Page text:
SHANNON, PATRICK LEE Remains Returned announced on FOX TV 8:09 pm. 12/07/2005.
Name: Patrick Lee Shannon Rank/Branch: E6/US Air Force Unit: 1043 Radar Evaluation Squadron, Bolling AFB DC TDY-Civilian/Lockheed Date of Birth: 23 February 1935 Home City of Record: Cordell OK Date of Loss: 11 March 1968 Country of Loss: Laos Loss Coordinates: 202600N 1034400E (UH680600) Status (in 1973): Killed In Action/ Body Not Recovered Category: Acft/Vehicle/Ground: Ground Refno: 2052
Others In Incident: Clarence Blanton; James Calfee; James Davis; Henry Gish; Willis Hall; Melvin Holland; Herbert Kirk; David Price; Donald Springsteadah; Don Worley (all missing from Lima 85); Donald Westbrook (missing from SAR 13 March)
Source: Compiled by Homecoming II Project 15 March 1991 from one or more of the following: raw data from U.S. Government agency sources, correspondence with POW/MIA families, published sources, interviews. Updated by the P.O.W. NETWORK 2006.
SYNOPSIS: When Patrick Shannon volunteered for a sensitive assignment called Project Heavy Green, his wife had to sign a secrecy agreement too. Shannon, an Air Force man, was to be temporarily relieved of duty to take a civilian job with Lockheed Aircraft. He would be running Lima 85, a radar base in Laos, whose neutrality prohibited U.S. military presence. No one was to know.
Lima 85 was on a peak in the Annam Highlands near the village of Sam Neua on a 5860 ft. mountain called Phou Pha Thi. The mountain was protected by sheer cliffs on three sides, and guarded by 300 tribesmen working for CIA. Unarmed US "civilians" operated the radar which swept across the Tonkin Delta to Hanoi.
For three months in early 1968, a steady stream of intelligence was received which indicated that communist troops were about to launch a major attack on Lima 85. Intelligence watched as enemy troops even built a road to the area to facilitate moving heavy weapons, but the site was so important that William H. Sullivan, U.S. Ambassador to Laos, made the decision to leave the men in place. When the attack came March 11, some were rescued by helicopter, but eleven men were missing. The President announced a halt in the bombing of North Vietnam.
Donald Westbrook was flying one of 4 A1E's orbiting on stand-by to search for survivors of the attack at Phou Pha Thi when his plane was shot down March 13. Westbrook was never found. Finding no survivors, the Air Force destroyed Lima 85 to prevent the equipment from falling into the hands of the enemy.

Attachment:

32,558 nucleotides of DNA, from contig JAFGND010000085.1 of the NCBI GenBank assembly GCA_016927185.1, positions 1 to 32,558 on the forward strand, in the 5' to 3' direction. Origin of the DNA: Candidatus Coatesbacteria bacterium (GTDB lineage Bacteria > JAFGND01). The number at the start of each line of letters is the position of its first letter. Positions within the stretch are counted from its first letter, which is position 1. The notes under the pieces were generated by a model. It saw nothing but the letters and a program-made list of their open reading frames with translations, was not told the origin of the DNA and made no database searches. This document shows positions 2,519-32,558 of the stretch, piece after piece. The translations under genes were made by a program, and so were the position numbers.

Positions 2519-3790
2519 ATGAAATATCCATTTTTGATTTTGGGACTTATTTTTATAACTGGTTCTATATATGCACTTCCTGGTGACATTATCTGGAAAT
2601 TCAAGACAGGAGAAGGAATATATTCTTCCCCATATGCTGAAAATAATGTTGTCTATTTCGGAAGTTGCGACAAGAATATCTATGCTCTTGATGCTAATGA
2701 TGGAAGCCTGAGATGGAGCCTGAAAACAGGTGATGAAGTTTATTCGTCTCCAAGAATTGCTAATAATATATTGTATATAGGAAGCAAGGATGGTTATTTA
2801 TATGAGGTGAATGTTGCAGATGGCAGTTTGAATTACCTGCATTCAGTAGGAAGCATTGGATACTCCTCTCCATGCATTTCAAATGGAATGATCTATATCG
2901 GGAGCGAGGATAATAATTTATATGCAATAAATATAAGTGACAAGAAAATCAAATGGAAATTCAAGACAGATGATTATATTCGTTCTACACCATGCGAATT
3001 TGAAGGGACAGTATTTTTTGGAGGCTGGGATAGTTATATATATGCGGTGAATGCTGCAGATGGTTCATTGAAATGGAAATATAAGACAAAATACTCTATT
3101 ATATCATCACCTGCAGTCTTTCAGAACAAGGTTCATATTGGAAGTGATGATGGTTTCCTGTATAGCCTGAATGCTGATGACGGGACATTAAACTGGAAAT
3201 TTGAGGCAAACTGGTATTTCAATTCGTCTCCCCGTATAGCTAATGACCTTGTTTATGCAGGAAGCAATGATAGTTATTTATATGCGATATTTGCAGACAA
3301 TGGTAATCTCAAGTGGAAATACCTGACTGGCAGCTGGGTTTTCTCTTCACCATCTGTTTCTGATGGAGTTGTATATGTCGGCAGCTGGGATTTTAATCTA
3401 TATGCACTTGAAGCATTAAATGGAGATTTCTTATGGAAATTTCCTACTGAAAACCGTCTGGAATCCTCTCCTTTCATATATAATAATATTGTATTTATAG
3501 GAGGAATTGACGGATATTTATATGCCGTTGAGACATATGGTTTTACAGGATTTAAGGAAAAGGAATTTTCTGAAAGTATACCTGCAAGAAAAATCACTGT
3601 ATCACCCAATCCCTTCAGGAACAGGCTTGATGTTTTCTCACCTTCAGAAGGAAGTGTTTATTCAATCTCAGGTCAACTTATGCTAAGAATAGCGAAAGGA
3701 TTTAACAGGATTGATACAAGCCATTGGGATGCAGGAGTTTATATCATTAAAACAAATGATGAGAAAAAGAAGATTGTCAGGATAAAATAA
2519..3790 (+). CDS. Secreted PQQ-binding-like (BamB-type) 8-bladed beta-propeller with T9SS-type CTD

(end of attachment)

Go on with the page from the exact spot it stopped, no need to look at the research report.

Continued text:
In mid March, Amelda Shannon was notified that Lima Site 85 had been overrun by enemy forces, and that her husband and the others who had not escaped had been killed. Many years later, she learned that was not the whole truth.
Two separate reports indicate that all the men missing at Phou Pha Thi did not die. One report suggests that at least one of the 11 was captured, and another indicates that 6 were captured. Information has been hard to get. The fact that Lima Site 85 existed was only declassified in 1983, and finally the wives could be believed when they said their husbands were missing in Laos. Some of the men's files were shown to their families for the first time in 1985.
Amelda Shannon and the other wives have talked and compared notes. They still feel there is a lot of information to be had. They think someone survived the attack on Lima Site 85 that day in March 1968. They wonder if their country will bring those men home.
NEWS RELEASE from the United States Department of Defense
No. 1268-05 IMMEDIATE RELEASE Dec 08, 2005 Media Contact: (703)697-5131 Public/Industry Contact: (703)428-0711
Air Force Sergeant MIA from Vietnam War is Identified
The Department of Defense POW/Missing Personnel Office (DPMO) announced today that the remains of a U.S. serviceman, missing in action from the Vietnam War, have been identified and will be returned to his family for burial with full military honors.